PCB fish study could get underway
Two years after the Texas Department of Health issued a fish-consumption ban for parts of Lower Leon Creek, the San Antonio River Authority has funds to begin testing the waterway.
According to SARA spokesperson Erika Resendiz, the authority's board recently approved $125,000 for the Leon Creek PCB study, which requires TDH approval. SARA is also seeking state and federal matching funds to expand the scope of its water-quality studies.
During state-mandated monitoring in August 2002, the Air Force detected elevated levels of PCBs in fish - some as high as 15 times the maximum threshold set by the Environmental Protection Agency; a year later, the TDH issued the consumption ban in a section of the creek south of Highway 90 to S.W. Military Drive. `See "Carp with a side of arochlor," September 11-17, 2003; "Air Force dismisses fuss over fish," September 18-23, 2003.`
Contaminated groundwater beneath Kelly Air Force Base, part of which was transferred to Lackland during the last base realignment, could be a PCB source. PCBs have been detected in soil at Kelly where solvents and transformers were stored.
PCBs were widely used as coolants in industrial transformers; they were banned in 1977 but persist in the environment. They are considered a potential carcinogen and can damage neurological, reproductive, and immune systems.
However, Air Force and state environmental officials have stressed that they don't know the source of the contaminated fish. At Lackland's Community Council Restoration meeting on July 20, the TCEQ's Abbi Power said the state is looking at the former Levi's plant and other area industrial sites to determine possible contamination sources.
Lackland officials also announced the Air Force continues to clean up and identify contaminated areas at the base, its training annex, and the old Kelly Annex, including 14 former landfills, two World War I-era bombing ranges, and nine potential low-level radiation disposal sites.
Lackland officials also acknowledged that "a communication breakdown" caused the Air Force to be cited for failure to have Stormwater Pollution Prevention and Edwards Aquifer Contributing Zone plans during construction of a simulated city for training exercises at Camp Bullis.
Construction stopped until the plans received approval from the state and the Edwards Aquifer Authority.
The 4,700-acre Camp Bullis is a military training ground, primarily for the Army. However, the Air Force, which provided vehicle convoy drivers for a mission in Iraq, had to train at Camp Bullis at a Basic Combat Convey Course built by an out-of-state reserve unit. Because of an oversight by the different military branches involved in the training, the plans weren't filed.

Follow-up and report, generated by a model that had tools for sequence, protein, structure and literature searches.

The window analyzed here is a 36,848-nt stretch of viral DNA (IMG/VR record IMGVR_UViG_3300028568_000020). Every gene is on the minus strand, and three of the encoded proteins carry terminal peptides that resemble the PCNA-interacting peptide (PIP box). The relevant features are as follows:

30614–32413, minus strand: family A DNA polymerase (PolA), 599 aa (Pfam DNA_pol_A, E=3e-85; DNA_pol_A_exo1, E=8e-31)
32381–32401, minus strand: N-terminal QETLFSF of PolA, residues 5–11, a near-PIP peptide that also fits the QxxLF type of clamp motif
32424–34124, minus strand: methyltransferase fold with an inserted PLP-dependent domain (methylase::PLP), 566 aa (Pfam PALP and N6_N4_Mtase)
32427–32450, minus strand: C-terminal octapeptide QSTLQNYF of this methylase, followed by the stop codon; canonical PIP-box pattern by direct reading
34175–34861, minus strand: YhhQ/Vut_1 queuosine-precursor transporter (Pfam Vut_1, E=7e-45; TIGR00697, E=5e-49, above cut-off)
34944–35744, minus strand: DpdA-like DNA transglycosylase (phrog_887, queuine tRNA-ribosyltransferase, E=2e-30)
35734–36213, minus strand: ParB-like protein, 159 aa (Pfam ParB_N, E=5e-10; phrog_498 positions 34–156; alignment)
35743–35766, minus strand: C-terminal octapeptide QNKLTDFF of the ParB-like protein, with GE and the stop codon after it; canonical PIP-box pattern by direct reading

Water plan gets hot reception
Dozens of Wilson County and South Texas residents crowded into a downtown hotel conference room last Thursday to lambaste the South Central Texas Regional Water (Region L) Planning Group for its initial 50-year water plan.
Region L covers 21 counties and three watersheds. Statewide, 16 water-planning groups are assessing water needs for their regions through 2060.
The plan, which can be viewed at watershedexperience.com, will be sent to the Texas Legislature as the state's guiding document. Lawmakers will not vote on it.
Some of the initial projects through 2010 include conservation, expansion of recycled-water programs, groundwater transfers, and desalination of brackish groundwater. By 2060, the plan calls for converting seawater to drinking water.
But the plan to divert 11,000 acre-feet from the Carrizo aquifer in Wilson County to the San Antonio Water System has enraged southern neighbors.
Wilson County resident Diane Savage distributed a handout detailing concerns about the plan. "There is an obvious need for water for the cattle to drink (25 gallons per day/per cow) and water to irrigate the feed crops. So how does Region L expect agriculture to respond and prosper if there is no available water?"
Drawdowns from proposed pumping projects could dry up springs that flow into Cibolo Creek. That leaves only wastewater to flow downstream from Schertz and to exurbs such as Sutherland Springs, Stockdale, Floresville, and other towns to the south.
"The loss of the springs will drastically change the quality of the water as well as the quality of the environmental habitat all along the Cibolo Creek into the San Antonio River Basin," Savage's statement read.
Stockdale rancher Glenda Layton criticized a study that shows San Antonio needs Wilson County's water and contends the city is not doing enough to conserve water.
However, San Antonio has a statewide reputation as one of the most progressive cities when it comes to water conservation. The City's 2005 Water Conservation Ordinance could save as much as 1.3 billion gallons of water each year. In 1984, San Antonians used 179 gallons of water per person, per day; by 2000, that daily amount had dropped to 136 gallons.
Savage said Wilson County activists haven't missed a water-planning meeting in six years. "We don't mess around."
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